Pena's signing has paid dividends both on the field and off, especially from his little corner of the clubhouse.
"[Pena is] of extremely high character," Price said. "I think he's not just universally liked on our team, but universally respected. To me, he's very similar to [former Cincinnati outfielder] Jonny Gomes. He was as good of a teammate when he was playing as when he wasn't playing. He was an unbelievable teammate. He wasn't sitting on his hands upset that he wasn't in the lineup. He was embracing his role on any given day of being a support player.
"I think there's a reason why [Pena has] been a part of winning teams. He does whatever it takes to benefit the team. You need those guys."
Previously, Pena played for the Braves (2005-08), Royals (2009-12) and Tigers ('13). Early in his career, he says, he was taught that being a good teammate was critical to his job.
"I think it's more important than anything," Pena said. "Homers, base hits, strikeouts and all of that stuff are part of the game. But you being a great teammate, you being a good human being, that's something that you can control, 100 percent.
"If I feel like I'm doing the right thing and being the best human being possible, I can live with that. I can go home and look my children in the eyes and say, 'Your daddy is making you guys proud, and tomorrow, I want you guys to do the same.' That's the way I was raised since I was little, and especially since I've been in the game."
Pena freely speaks to reporters who have started to gravitate toward his locker before and after games.
"Here, I can breathe. I can talk to you without anyone watching me or checking on what we say," Pena said. "Everything I tell you comes from my heart. I'm not afraid because we have freedom of speech in America. I've got my family. I'm married to my beautiful wife. What else can I ask for? Being a baseball player is great. I'm very happy that it's my job."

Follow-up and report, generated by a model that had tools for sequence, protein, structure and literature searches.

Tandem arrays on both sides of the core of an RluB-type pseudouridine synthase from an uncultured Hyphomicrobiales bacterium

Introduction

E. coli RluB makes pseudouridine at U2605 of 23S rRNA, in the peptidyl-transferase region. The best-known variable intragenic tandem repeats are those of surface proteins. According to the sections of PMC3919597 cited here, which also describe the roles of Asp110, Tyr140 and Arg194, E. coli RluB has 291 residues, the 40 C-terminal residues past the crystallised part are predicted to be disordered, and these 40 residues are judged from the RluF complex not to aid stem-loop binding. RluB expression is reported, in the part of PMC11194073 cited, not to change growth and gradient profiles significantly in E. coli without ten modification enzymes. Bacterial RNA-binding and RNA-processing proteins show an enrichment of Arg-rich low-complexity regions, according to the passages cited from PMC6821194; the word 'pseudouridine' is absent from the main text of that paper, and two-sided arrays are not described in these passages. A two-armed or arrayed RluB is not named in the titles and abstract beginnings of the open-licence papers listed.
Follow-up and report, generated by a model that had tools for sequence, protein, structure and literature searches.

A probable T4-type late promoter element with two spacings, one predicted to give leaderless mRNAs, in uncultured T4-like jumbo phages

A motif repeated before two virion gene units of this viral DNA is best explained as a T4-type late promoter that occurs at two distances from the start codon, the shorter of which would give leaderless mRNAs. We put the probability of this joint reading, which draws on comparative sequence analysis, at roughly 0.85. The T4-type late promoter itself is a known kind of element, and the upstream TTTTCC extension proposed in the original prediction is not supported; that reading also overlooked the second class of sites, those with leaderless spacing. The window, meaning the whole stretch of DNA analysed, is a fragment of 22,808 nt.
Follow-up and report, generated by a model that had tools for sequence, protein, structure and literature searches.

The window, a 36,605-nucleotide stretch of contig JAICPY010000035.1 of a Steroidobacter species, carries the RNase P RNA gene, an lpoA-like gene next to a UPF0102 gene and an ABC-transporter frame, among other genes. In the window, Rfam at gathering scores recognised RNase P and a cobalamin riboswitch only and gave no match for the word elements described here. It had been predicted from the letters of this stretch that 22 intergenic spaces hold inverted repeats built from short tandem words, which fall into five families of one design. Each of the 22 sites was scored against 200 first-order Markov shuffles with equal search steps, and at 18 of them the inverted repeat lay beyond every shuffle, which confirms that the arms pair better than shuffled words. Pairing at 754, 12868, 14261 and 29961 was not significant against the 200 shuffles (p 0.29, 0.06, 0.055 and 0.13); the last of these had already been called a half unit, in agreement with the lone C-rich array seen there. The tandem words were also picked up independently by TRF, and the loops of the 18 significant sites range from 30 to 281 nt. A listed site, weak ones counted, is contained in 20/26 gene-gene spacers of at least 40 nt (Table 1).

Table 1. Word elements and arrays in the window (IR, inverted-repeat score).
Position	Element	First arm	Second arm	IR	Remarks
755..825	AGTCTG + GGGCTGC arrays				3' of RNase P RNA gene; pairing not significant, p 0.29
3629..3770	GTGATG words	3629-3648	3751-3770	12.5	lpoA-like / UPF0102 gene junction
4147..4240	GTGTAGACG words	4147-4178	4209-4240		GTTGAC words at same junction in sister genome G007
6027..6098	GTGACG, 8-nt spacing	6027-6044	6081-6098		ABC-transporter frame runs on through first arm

The Reds won 90 games last season and reached the National League Wild Card Game, but they fell well short of expectations. One of the noticeable things missing was the intangibles of a veteran clubhouse presence. Scott Rolen was not re-signed and eventually retired. Ryan Ludwick suffered a shoulder injury and missed four months. The requisite players who boost other players with encouragement were lacking.
"[Pena has] been great and a good addition in a lot of ways," Bruce said. "We may not be playing well or he might not be playing well, but he's always the exact same. It's something I can really respect as a player who plays every day. It's hard to really keep the same level of intensity, whatever that level is. This guy brings it every single day, and it's something I've been really impressed with."
With Mesoraco expected to return to the lineup by this weekend, Pena will once again be a contributor in ways that may not be as visible in the box score.
It's all in the name of winning, and it comes from Pena's appreciation for what he has and how far he's come.